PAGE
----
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Benefit and Contribution Limits for Retirement Plans

January 13, 2023

Many companies provide qualified retirement plans. There are two main types of employer-sponsored retirement plans: defined-benefit plans and defined-contribution plans. A defined-benefit plan such as 401(k) and 403(b) provides a specific retirement benefit amount when employees retire; while, under a defined-contribution plan, employees contribute a portion of their gross salaries to invest in the funds for retirement over time, and an employer may choose to match the employee contributions. We would like to provide you with an overview of the comprehensive regulations regarding limits on contributions and benefits.

For defined benefit plans, the benefit limits cannot exceed the lesser of $265,000 for 2023 ($245,000 for 2022), or the participant’s average compensation for his or her high-three years of service (HTS). The HTS calculation should include the three consecutive calendar years during which the highest aggregate compensation was received.

For defined contribution plans, a plan sponsor may contribute the lesser of $66,000 for 2023 ($61,000 for 2022), or 100 percent of the employee’s compensation. These “annual additions” include employer contributions, employee contributions, and any reallocated forfeitures. Payments made to restore plan losses from a breach of fiduciary duty under ERISA and other applicable federal and state laws are exempt from the limits on annual additions.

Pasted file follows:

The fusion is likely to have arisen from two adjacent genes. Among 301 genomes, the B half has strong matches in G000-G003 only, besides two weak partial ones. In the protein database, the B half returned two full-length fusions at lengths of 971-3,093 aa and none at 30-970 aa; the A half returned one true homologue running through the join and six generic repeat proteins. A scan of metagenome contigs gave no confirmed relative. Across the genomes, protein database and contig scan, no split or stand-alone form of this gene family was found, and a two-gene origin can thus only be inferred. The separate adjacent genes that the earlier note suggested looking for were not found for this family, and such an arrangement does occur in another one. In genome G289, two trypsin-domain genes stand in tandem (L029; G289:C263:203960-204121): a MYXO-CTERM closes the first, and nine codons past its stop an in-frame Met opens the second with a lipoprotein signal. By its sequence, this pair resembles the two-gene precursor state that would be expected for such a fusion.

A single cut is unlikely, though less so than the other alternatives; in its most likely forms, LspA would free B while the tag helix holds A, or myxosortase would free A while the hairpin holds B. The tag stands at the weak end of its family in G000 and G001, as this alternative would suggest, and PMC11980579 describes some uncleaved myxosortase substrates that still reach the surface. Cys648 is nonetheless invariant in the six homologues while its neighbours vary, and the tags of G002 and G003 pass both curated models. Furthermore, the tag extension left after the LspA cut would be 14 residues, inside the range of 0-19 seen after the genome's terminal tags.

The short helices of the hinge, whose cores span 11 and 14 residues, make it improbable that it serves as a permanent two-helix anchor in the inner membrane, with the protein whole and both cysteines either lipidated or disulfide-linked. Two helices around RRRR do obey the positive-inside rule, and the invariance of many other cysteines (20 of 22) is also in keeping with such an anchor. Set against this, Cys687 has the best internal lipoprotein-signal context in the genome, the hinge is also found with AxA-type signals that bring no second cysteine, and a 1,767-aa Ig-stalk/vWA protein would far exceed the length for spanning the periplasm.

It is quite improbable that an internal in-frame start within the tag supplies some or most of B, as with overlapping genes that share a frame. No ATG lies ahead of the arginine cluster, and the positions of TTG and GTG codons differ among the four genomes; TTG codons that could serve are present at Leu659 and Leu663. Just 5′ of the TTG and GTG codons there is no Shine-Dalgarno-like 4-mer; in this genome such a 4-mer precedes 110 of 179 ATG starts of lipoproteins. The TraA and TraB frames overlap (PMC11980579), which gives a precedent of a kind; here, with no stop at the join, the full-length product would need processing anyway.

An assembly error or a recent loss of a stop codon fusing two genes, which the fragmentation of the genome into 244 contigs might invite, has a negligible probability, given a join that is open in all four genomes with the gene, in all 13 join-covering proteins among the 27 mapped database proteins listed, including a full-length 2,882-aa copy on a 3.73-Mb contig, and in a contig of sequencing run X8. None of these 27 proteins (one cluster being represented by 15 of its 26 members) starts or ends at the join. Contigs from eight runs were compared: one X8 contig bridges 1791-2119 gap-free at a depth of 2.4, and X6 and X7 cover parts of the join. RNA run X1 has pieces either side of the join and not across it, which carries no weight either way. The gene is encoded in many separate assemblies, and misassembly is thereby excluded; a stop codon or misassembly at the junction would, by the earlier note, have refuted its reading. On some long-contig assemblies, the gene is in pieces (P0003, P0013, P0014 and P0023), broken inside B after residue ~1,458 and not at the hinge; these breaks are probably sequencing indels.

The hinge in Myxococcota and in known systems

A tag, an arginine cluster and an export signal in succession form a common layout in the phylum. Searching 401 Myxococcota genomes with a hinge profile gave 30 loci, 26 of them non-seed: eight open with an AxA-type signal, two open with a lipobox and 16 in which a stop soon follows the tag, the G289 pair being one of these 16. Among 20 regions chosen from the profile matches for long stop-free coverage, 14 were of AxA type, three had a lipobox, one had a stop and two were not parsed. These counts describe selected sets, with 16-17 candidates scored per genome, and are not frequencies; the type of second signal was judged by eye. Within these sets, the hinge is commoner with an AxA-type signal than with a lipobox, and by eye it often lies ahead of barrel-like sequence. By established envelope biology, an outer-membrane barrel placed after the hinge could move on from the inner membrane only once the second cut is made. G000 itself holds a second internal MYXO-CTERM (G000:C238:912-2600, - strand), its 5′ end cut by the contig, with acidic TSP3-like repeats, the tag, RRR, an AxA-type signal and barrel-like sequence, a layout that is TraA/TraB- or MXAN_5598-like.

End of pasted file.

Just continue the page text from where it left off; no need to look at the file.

For multiemployer plans, all benefits and annual additions must satisfy the limits on an aggregate basis for all employers. All employers contributing to a multiemployer plan are treated as a single employer when applying the restriction on compensation paid after severance. The final regulations also provide rules regarding cost-of-living adjustments, aggregating plans, the disqualification of plans and trusts, and the definition of the limitation year for compliance purposes.


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